About the Creative City: 

With 435,000 inhabitants, Santos has a rich film legacy dating back to the 1900’s. In the mid-20th century, the city’s film industry reached the pinnacle of its success with the creation of the Clube de Cinema de Santos, the first established film club in Brazil. Ever since, the city has been committed to sustaining its film sector and making it a key driver of the local economy. With the support of the Santos Film Commission, 300 productions have been shot in the city in a five-year period, generating more than US$ 2.3 million of added value. Santos has 21 thriving production film companies and collectives that are extending their activities to an international level.

In 2002, Santos’ audiovisual sector gained strength with the launch of the Santos Short Film Festival, which is now ranked as one of the top three most attended festivals in Brazil. All the festival activities are free of charge and, in addition to film exhibitions and the screening of a thousand of short films, the programme also offers workshops to inspire young people from different backgrounds to undertake studies and follow professional careers in the film sector. Moreover, the unique Cinema Transmedia Experience Biennale is a non-competitive event focusing on innovative approaches to film appreciation with the use of new technologies.

The Cinema Coordination Section of Santos City Hall takes great care to further promote access to, and participation in, cultural life while ensuring social inclusion of all layers of the population, especially the most vulnerable and disadvantaged ones. In this framework, the Community Cinema project aims to democratize cinema by organizing weekly open-air film screenings throughout the city’s neighbourhoods, with a strong focus for the most deprived. In two years, the programme has directly benefitted over 2,500 people, proving the key role of cinema to nurture social cohesion.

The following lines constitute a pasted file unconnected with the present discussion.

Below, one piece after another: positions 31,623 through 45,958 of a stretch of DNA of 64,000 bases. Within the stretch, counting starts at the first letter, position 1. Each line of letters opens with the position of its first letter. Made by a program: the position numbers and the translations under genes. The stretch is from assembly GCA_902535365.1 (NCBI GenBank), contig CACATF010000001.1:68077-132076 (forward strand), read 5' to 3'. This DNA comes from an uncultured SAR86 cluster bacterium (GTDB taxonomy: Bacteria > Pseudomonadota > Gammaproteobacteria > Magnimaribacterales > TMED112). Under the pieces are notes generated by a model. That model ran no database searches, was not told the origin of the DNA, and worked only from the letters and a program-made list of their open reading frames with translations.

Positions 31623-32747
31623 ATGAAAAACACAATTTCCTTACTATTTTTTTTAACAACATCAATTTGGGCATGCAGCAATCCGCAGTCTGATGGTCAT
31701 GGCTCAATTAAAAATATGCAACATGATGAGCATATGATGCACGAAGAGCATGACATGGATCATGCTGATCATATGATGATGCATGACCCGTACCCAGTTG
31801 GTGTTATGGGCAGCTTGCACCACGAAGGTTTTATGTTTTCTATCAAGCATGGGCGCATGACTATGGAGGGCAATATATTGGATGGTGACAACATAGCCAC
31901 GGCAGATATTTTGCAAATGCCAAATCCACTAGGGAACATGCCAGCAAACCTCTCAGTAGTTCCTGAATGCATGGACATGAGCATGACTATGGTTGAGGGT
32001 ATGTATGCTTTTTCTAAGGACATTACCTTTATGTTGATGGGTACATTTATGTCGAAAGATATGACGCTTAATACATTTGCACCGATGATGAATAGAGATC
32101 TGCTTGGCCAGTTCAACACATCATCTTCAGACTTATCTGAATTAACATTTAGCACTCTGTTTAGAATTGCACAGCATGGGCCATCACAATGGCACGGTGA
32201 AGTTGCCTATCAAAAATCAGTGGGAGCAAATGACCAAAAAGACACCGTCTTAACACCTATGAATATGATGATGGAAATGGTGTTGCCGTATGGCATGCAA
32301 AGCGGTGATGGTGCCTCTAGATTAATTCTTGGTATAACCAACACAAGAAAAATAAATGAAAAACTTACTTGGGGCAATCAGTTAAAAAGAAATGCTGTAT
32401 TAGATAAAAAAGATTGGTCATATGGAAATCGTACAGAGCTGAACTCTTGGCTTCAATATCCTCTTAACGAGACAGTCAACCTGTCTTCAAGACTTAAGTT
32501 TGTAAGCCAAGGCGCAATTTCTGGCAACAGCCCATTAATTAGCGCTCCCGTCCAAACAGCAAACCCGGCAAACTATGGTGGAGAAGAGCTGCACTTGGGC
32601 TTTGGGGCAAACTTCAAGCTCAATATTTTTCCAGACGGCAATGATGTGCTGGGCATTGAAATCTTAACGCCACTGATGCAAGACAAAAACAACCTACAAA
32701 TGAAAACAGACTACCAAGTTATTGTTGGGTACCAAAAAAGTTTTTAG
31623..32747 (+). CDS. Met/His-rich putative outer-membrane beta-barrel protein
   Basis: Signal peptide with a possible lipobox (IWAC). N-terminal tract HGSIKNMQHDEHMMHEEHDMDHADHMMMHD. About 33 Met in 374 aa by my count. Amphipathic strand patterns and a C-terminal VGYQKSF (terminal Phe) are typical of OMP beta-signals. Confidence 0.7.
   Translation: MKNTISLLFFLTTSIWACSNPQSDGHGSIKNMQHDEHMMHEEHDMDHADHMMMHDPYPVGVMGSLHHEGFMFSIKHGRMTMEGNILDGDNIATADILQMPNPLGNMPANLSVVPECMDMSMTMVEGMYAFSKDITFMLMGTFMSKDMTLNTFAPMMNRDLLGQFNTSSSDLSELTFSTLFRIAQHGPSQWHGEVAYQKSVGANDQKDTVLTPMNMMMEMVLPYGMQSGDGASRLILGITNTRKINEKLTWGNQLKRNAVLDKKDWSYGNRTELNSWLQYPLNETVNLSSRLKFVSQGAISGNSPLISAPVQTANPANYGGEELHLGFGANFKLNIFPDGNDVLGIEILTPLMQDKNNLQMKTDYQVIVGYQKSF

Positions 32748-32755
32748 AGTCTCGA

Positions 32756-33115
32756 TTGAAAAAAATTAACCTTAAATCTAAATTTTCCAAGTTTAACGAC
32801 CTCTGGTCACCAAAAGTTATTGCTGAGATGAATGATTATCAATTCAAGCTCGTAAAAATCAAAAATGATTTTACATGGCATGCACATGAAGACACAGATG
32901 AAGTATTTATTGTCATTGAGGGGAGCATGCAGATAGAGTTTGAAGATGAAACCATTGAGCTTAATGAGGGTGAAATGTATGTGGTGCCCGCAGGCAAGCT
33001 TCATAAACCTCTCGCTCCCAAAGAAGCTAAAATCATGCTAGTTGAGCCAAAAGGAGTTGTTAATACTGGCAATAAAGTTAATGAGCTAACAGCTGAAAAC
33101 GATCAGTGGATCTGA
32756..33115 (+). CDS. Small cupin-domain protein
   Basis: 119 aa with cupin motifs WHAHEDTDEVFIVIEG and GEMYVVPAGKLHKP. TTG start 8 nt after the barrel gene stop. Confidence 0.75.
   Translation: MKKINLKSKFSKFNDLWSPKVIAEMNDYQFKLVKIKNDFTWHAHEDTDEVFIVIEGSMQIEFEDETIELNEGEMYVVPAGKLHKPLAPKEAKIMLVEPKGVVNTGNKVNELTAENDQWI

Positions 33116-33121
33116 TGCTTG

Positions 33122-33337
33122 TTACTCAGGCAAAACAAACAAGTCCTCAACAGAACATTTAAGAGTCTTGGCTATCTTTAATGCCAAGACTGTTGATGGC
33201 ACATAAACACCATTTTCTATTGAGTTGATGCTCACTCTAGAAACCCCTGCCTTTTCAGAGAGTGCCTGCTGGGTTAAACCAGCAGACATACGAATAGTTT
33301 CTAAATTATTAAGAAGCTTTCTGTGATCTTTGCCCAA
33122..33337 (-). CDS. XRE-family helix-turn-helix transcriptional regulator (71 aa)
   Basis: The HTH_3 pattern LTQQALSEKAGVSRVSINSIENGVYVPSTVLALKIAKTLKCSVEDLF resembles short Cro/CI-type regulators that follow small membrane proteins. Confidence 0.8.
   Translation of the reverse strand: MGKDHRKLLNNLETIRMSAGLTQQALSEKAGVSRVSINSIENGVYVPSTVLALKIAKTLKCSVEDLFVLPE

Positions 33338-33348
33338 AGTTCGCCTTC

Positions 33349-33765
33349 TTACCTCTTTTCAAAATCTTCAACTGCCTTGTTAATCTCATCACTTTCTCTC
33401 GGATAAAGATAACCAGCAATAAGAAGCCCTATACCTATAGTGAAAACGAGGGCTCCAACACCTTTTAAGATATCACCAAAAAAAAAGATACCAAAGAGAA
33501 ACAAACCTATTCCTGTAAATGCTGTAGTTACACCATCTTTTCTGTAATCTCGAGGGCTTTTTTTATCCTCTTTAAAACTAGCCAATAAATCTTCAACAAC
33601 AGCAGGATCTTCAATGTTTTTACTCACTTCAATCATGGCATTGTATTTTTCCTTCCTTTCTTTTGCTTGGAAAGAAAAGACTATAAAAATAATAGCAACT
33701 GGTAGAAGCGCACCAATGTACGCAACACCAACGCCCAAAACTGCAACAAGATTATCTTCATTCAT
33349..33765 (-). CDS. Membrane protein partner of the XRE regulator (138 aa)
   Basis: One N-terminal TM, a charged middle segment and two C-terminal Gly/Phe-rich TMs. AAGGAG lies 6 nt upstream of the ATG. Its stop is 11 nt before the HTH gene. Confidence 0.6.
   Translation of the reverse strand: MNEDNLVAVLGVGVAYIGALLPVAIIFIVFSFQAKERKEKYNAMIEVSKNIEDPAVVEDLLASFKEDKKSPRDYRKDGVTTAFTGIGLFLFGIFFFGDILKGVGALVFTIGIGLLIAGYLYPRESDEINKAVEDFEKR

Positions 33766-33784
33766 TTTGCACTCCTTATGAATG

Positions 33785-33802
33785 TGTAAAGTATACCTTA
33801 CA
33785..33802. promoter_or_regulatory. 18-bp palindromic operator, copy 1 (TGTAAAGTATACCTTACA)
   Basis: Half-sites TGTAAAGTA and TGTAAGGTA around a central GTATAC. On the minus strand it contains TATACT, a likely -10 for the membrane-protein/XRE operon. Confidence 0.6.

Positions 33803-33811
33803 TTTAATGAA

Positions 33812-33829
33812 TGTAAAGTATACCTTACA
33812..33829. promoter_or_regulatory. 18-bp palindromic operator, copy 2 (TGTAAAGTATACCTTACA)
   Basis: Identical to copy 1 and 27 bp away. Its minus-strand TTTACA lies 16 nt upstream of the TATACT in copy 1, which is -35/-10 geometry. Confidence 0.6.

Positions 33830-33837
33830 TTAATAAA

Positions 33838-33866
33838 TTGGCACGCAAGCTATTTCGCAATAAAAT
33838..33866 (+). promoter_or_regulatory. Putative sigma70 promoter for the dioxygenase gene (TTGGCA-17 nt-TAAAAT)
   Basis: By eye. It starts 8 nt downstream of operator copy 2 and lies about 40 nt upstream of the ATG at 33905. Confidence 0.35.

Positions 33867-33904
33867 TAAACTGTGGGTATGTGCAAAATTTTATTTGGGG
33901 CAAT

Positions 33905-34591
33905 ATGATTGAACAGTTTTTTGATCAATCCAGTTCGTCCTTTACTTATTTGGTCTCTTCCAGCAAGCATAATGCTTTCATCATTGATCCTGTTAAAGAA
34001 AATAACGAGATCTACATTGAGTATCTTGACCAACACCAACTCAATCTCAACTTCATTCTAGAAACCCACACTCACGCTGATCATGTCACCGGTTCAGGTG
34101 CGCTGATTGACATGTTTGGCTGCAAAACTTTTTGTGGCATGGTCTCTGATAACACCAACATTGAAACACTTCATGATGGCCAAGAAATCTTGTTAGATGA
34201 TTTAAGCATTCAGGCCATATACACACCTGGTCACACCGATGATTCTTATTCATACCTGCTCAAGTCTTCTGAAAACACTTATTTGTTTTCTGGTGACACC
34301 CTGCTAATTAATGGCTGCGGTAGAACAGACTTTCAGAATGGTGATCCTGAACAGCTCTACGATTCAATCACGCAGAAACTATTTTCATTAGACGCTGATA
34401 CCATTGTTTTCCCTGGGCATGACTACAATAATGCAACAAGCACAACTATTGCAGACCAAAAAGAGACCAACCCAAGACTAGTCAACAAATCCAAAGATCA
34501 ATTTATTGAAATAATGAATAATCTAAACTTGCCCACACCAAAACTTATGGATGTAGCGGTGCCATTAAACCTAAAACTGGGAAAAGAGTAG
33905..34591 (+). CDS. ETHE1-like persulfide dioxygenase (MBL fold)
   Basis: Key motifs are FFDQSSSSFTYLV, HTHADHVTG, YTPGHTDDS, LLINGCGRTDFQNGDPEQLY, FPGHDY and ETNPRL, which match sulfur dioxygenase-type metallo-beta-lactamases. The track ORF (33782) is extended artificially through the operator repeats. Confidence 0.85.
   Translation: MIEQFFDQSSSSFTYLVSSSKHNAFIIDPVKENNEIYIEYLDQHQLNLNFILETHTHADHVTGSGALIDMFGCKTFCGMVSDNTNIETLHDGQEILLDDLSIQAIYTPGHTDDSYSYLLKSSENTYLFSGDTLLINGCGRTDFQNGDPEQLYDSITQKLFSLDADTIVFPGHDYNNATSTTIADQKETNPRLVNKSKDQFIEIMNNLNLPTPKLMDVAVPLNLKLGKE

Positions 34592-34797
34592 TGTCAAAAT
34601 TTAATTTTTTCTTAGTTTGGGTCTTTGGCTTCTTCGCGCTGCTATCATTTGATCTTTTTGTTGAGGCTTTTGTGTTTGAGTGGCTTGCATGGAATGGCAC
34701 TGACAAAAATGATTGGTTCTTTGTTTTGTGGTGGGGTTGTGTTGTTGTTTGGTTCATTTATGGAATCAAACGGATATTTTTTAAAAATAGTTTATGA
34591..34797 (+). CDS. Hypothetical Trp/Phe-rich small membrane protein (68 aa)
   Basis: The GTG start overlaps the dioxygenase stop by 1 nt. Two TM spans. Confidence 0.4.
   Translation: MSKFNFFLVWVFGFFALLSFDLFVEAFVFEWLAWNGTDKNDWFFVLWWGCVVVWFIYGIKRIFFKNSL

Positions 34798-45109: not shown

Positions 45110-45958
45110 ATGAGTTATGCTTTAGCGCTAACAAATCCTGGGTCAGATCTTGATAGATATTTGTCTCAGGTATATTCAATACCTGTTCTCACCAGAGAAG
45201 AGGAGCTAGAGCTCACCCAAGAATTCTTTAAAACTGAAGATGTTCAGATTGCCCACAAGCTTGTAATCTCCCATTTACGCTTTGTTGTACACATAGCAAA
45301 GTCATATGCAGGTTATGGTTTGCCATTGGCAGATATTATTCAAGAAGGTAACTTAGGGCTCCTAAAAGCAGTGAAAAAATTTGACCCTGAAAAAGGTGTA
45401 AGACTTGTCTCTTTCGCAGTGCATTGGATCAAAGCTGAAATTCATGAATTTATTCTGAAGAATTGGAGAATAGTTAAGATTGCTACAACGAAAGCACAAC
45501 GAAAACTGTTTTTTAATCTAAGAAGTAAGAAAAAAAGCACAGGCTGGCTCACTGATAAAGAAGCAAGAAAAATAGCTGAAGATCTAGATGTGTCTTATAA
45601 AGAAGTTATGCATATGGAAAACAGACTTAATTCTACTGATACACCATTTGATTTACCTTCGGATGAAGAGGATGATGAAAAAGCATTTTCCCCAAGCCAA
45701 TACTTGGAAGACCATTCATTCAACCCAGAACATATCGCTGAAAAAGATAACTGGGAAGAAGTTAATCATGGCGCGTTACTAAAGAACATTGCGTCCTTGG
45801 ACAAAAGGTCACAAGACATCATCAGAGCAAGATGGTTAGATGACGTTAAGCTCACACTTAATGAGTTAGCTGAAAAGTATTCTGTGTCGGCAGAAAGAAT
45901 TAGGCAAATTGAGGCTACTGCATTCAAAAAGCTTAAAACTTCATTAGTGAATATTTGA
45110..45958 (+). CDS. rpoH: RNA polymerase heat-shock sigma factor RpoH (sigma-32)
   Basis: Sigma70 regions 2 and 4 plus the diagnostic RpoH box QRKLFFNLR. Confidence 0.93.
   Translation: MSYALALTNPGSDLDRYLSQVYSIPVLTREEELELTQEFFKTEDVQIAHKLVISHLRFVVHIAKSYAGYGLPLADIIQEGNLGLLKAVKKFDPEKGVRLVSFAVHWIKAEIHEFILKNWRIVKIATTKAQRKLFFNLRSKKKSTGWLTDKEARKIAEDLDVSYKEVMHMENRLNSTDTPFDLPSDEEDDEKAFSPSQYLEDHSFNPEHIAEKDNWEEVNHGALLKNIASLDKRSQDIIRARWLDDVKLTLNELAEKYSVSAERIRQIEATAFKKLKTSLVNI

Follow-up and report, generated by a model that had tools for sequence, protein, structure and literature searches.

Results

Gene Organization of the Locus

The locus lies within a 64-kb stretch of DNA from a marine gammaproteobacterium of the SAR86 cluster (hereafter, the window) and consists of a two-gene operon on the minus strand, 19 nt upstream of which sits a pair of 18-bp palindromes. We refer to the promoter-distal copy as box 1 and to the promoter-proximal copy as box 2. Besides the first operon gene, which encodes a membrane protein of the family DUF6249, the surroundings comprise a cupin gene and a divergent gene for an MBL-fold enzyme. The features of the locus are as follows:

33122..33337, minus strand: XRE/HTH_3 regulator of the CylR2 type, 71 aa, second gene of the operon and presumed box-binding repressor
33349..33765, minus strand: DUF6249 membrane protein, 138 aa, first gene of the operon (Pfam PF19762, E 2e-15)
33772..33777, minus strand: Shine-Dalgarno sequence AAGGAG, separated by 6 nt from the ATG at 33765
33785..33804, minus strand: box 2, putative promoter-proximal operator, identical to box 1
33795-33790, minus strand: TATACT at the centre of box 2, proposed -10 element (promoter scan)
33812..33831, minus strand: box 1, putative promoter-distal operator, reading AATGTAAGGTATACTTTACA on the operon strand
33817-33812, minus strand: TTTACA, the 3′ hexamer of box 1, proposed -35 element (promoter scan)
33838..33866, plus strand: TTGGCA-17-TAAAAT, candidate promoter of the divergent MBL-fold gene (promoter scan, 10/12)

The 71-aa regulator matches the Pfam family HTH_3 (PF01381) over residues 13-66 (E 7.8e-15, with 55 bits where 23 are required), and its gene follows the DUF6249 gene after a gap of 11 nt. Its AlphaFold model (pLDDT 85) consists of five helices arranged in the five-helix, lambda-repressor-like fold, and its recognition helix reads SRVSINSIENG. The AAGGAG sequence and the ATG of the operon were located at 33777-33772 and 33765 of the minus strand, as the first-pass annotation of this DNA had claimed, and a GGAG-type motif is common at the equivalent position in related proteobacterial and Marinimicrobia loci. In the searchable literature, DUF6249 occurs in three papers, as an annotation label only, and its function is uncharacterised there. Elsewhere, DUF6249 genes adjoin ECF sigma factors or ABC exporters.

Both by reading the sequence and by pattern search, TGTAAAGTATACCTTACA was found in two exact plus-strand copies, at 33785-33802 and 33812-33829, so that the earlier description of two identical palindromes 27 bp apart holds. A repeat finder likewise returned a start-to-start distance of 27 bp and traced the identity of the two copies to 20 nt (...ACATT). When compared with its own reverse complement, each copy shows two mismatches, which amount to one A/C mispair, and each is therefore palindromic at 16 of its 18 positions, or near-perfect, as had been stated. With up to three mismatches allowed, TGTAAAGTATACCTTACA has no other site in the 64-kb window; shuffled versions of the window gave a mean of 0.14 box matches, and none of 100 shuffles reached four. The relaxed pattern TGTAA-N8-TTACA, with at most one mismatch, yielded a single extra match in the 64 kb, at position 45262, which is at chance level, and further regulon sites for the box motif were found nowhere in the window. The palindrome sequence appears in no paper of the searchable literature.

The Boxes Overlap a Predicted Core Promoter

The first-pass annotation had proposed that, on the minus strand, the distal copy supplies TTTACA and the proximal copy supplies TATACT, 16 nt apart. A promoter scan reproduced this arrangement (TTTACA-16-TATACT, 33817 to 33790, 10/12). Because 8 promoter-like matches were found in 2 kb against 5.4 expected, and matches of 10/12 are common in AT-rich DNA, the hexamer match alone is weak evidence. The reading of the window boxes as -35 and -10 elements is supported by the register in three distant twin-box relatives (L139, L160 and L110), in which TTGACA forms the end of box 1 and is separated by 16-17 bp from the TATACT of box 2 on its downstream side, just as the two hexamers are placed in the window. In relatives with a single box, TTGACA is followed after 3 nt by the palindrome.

Added Value: 

As a Creative City of Film, Santos envisages:

  • Increasing employment opportunities for young people through the Cine Escola project focusing, on capacity building and sustainable integration into the labour market;
  • Fostering multi-stakeholder partnerships in the field of research, development and innovation within the Santos Technology Park dedicated to cross-cuttings approaches between film and cutting-edge technology;
  • Promoting professional and artistic exchanges within the UCCN through the Creative September event showcasing the most innovative and creative projects;
  • Supporting the mobility of students through exchange programmes offered by the city’s third-level Unimonte University
  • Undertaking film co-productions with Creative Cities of all creative fields to foster multidisciplinary connexions, share knowledge, methods and best practices.

 


A total of 28 youth workers from up to 20 European countries meet in Terrassa from Sunday, July 15, until next Friday, to work on the quality and inclusive capacity of transnational youth exchanges. The seminar is called Go Ahead !, is part of the Erasmusplus program and is hosted by the entity from Terrassa La Víbria Intercultural. During the seminar, common challenges and new professional links will be generated, good practices will be shared and work will be done to improve the quality of youth exchanges.